In 1985, it was decided to reintroduce a tramway between the historic City Hall and the Big Hole for tourists. So Car Number 1 was restored, complete with its original wooden seats, and today visitors can take a trip down memory lane and be transported into a bygone era by the gentle sway and foot-operated warning bell of the tram as it passes Kimberley’s most historic sites.

The tram’s current route passes through the first few buildings of the open-air Mine Museum, where the trip begins, and continues halfway around the Big Hole before returning, rounding up a 15-minute trip.

Walk through history at Duggan-Cronin Gallery 

The Duggan-Cronin Gallery is a photographic museum located in Egerton Road, Kimberley.  Alfred Duggan-Cronin was an Irish miner who moved to Kimberley in 1897 to work on the De Beers compounds. He bought his first camera seven years later and began documenting the lives of the mineworkers, building up a vast photographic record of the era.

Today, the museum is one of many in the Northern Cape to be housed under the McGregor Museum umbrella. Inside is a collection of photographs taken by Duggan-Cronin, Aubrey Elliot, Jean Morris and Alice Mertens.

The images on display at the gallery depict the lives of indigenous people in South Africa in the years between 1919 and 1980. The captured images illustrate, in detail, the traditions, everyday rituals and dress styles predominant at the time, many of which have vanished in the 21st century.

Visitors can also expect to ponder the material culture of the various Southern African peoples documented, including their beadwork, costumes, pottery, woodcarvings and iron tools.

Winter specials

Orange River Winter Wilderness Paddle

Enjoy going on guided Orange River wilderness trails, discovering the remote areas of the Richtersveld while sleeping under starlit skies. This luxury wilderness experience is ideal for schools, families and corporate groups, as you paddle the mighty Orange (Gariep) River and explore.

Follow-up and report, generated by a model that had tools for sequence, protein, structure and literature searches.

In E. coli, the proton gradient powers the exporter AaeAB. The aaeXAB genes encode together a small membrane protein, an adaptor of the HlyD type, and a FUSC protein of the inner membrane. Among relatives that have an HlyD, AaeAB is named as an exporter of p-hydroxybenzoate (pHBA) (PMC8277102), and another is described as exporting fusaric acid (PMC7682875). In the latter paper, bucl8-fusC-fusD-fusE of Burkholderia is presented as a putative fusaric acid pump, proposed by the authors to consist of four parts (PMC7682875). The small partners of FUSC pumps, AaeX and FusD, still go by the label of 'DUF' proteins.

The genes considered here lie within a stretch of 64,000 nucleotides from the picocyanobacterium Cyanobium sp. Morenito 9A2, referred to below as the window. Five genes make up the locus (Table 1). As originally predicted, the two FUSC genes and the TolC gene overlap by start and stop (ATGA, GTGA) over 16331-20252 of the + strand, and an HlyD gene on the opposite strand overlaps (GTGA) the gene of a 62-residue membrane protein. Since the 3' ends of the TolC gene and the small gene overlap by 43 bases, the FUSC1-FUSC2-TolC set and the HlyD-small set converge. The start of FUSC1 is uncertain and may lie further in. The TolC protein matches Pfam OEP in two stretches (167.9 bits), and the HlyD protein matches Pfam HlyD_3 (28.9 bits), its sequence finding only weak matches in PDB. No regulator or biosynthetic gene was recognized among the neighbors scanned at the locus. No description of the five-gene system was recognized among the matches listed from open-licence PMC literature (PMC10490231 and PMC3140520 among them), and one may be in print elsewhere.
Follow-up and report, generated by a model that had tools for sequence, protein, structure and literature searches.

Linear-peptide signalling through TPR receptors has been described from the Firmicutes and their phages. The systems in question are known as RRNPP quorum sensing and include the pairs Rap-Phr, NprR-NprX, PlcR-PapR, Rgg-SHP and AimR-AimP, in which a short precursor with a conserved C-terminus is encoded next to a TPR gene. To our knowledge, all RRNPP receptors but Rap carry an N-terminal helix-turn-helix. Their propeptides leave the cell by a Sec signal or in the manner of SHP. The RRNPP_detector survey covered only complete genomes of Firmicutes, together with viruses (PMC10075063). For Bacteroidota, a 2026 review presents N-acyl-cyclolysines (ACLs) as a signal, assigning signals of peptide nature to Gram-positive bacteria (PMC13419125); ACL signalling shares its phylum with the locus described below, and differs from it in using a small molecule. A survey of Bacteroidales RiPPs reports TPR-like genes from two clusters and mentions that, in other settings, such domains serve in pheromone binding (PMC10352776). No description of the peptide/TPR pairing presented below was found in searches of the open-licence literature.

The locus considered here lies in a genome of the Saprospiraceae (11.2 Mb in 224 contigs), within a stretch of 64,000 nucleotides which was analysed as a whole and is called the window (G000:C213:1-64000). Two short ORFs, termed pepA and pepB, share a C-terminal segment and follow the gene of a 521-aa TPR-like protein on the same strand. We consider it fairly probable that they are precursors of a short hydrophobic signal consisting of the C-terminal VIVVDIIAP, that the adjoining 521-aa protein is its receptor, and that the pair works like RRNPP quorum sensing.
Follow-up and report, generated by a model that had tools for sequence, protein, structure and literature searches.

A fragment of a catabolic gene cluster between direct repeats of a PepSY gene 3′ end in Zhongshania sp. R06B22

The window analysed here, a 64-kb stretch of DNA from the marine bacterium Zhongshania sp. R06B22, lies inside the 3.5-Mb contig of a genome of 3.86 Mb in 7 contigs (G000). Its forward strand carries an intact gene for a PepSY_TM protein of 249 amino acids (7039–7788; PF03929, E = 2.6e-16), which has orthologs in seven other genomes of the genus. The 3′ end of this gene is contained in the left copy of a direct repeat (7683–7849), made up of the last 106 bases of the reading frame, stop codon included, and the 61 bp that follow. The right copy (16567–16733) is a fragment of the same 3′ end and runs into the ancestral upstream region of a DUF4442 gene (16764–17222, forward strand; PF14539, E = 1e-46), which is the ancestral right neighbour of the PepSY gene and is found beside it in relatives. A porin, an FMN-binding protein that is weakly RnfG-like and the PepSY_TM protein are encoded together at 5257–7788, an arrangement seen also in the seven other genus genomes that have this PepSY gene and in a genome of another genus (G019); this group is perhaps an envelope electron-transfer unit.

Cost: R6 500 per person (minimum group of six, maximum group of 20, unless by prior arrangement)
Includes: All meals, qualified and experienced guides, nature park fees, takeout logistics, luxury rafting, tented accommodation
Excludes: Passport, visas, beverages and personal expenses, transport to and from base camp
Validity: Until October 2019

Kalahari Winter Safari

On this luxury guided Kalahari wilderness trail, you can discover the Kalahari on a tagalong basis in your car or join our vehicle. It’s a wilderness experience not to miss as you search for the Kalahari lion, cheetah, oryx and more.

Cost: R9 500 per person (minimum group of four, maximum group of 20, unless by prior arrangement)

Includes: All meals, qualified and experienced guides, nature park fees, tented accommodation (upgrade on availability for own expense)
Excludes: Beverages, personal expenses, transport to and from Upington
Validity: Until October 2019

Gemsbok Rally 2019

Want to go full throttle in your adventures? Then make time to see stunt bikes and fun racing at the Gemsbok Rally, happening in Upington from 26 to 28 July 2018.

The event, which attracts motorcycle and car enthusiasts from around the country, also features a drag-race competition and an antique car show. There’s also good food on offer and the chance to win prizes.

Namaqua Flower and West Coast Safari

This luxury guided flower wilderness trail will enable you to discover the Namaqualand and her beauty in your own car or in the tour operator’s vehicle. View the wild flowers along the West Coast and the Namaqualand, and explore the hidden gems this rugged coastline has to offer.

Cost: R8 500 per person (minimum group of four, maximum group of 10, unless by prior arrangement)

Includes: All meals, qualified and experienced guides, nature park fees, tented accommodation (upgrade on availability for own expense)
Excludes: Beverages, personal expenses
Validity: September to November 2019

Game drives at Dronfield or Benfontein reserves

You’ll be picked up in Kimberley and taken to one of these beautiful nature reserves, where you will be treated to a game drive lasting up to four hours. Transfers to and from the reserve are included in the price.

Cost: R300 per person for game drive (including entry fee and bottled water)
R650 per person for game drive and bush braai (including entry fee, game drive, bottled water and meal)

Validity: Until 31 January 2020

Rafting through the Richtersveld

Join our four-day Orange (Gariep) River rafting trail through the Richtersveld. This is a low-impact river rafting adventure and is suitable for people without any previous rafting experience. The rafting adventure starts at the Growcery Camp, which is 22km from Vioolsdrift, and ends at Aussenkehr Farm.

10% discount on the following dates: 26 to 30 September 2019
Adults: R950
Children (15-17 years): R745
Children (12-14 years): R650
Children (5-11 years): R550